It’s impossible to imagine the online landscape today without feedback ‘buttons’ and ‘forms’. Some organisations have already gained many useful tips from customers using these tools. While others are still experimenting with feedback buttons left or right. Learn more about the different phases of utilising online feedback here. Because many digital marketers struggle with getting true value out of their website feedback tools I wanted to share with you:
Five Ways to get more from your website feedback tool – with learnings from the pro’s at TomTom, Aegon and BMW
Each digital marketer will have to discover for themselves what works well. Unfortunately there’s no best way to collect online feedback as there are so many factors at play.
We can all learn a lot from organisations more advanced in the development of their online feedback programs. I would like to share their experiences, tips and tricks. This way you are able get more from your customer feedback tools.
At Mopinion, I had many contacts with smart marketers from companies such as TomTom, Aegon and BMW. It is interesting and instructive to see how they deal with online customer feedback.
Not only did their feedback enable us to optimise our platform, it also provided us with much useful information for our other customers. Below you will find a summary of their learnings. This will enable you to get more from your own online feedback program.
Some companies experience more difficulties than others when starting up an online customer feedback collection process. Some follow a thorough plan, while others simply start with feedback tools offering free trials. Both approaches have their advantages and disadvantages, but the main thing is that there is a need to hear the customer’s online voice.
When the feedback actually starts pouring in, companies often have difficulty drawing concrete insights from it. Having an advanced analysis platform in place does not always help. If the data that goes in is not right, the data that comes out will be wrong too. Asking the right questions is essential.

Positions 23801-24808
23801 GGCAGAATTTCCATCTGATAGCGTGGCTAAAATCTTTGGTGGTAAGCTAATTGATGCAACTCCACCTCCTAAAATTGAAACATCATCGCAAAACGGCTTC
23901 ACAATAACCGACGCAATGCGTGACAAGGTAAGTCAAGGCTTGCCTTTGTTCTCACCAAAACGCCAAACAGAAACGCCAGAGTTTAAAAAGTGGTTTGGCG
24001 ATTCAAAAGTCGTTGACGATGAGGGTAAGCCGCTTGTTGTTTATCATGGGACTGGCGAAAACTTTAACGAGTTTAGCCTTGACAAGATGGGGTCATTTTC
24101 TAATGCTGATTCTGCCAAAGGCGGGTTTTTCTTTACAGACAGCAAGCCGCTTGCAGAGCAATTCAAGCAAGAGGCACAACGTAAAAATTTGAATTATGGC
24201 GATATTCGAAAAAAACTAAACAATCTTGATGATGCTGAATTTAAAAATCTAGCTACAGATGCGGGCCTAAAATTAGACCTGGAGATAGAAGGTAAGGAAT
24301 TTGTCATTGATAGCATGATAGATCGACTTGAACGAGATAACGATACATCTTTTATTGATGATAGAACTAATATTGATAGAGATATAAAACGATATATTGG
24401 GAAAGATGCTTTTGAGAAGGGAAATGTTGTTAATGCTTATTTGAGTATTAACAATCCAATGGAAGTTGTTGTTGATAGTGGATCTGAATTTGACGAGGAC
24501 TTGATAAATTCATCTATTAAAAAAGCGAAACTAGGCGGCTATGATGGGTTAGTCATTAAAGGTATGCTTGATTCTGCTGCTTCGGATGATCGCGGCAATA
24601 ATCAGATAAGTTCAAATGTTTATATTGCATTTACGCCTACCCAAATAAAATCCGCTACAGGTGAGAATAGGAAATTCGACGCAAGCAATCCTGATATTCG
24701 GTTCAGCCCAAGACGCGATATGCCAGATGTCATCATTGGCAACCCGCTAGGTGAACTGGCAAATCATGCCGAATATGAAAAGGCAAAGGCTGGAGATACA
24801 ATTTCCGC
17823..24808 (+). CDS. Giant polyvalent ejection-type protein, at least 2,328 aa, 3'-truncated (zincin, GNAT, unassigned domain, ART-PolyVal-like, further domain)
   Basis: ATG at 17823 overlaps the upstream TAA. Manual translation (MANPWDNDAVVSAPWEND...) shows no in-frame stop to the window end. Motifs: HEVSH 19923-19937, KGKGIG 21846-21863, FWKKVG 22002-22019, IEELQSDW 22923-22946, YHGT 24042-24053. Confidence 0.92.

“Please give us your opinion” or “What do you think of this page?” are very general questions, which will often produce equally general responses. That may be okay on a general page such as a homepage, but do not forget that people visit your website with a specific goal in mind. Achieving that goal will also contribute to the customer’s online experience. Someone may, for example, indicate that they like your webpage very much, but if that webpage doesn’t serve its purpose, you still don’t know what’s important to the customer.
Here’s a useful tip to optimise the quality of your data collection:
Look at things from the customer’s perspective to understand their online goals. Determine which pages and processes correspond with which goals, and formulate your questions accordingly.
You can then perfectly monitor how your customers experience the main processes on your website and which tips they have for improving specific processes.
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2. Reduce the number of questions about customer service
Visitors use not only social media but also online feedback tools to pose customer service-related questions, much to the dismay of marketers who are looking for useful insights. Unfortunately you can’t prevent customers from doing so, because they get so frustrated sometimes that they need to vent their spleen. One might say that, in such a case, the online feedback tool serves as a vehicle for catharsis.
One way to minimise customer service-related questions is to simply include a subtext in the header or footer of the feedback form, in which you refer customers to the page on your website where they can pose their questions. You may also want to provide a link to your service page or FAQ page in this text.
Another option is to provide this information on the “Thank You” page after customers have provided their feedback. Instead of trying to ban service-related questions altogether, which is rather difficult, you might want to opt for managing your customers’ expectations.
By including a text on the “Thank You” page of your feedback form, stating that the form is not meant for posing customer service-related questions and that such questions will therefore not be dealt with, you clearly indicate that there will be no follow-up. Of course, you should not forget to refer your customers to the page where they may pose such questions, as otherwise you’ll get feedback about that!
3. Motivate customers to provide feedback
In fact, the previous learning also relates to motivating customers to provide feedback. A number of organisations adopted a very clever approach and, wherever they could, they informed customers of the possibility to provide feedback. If you go for this approach, you can use newsletters or a separate section on your website to explain things quickly and easily.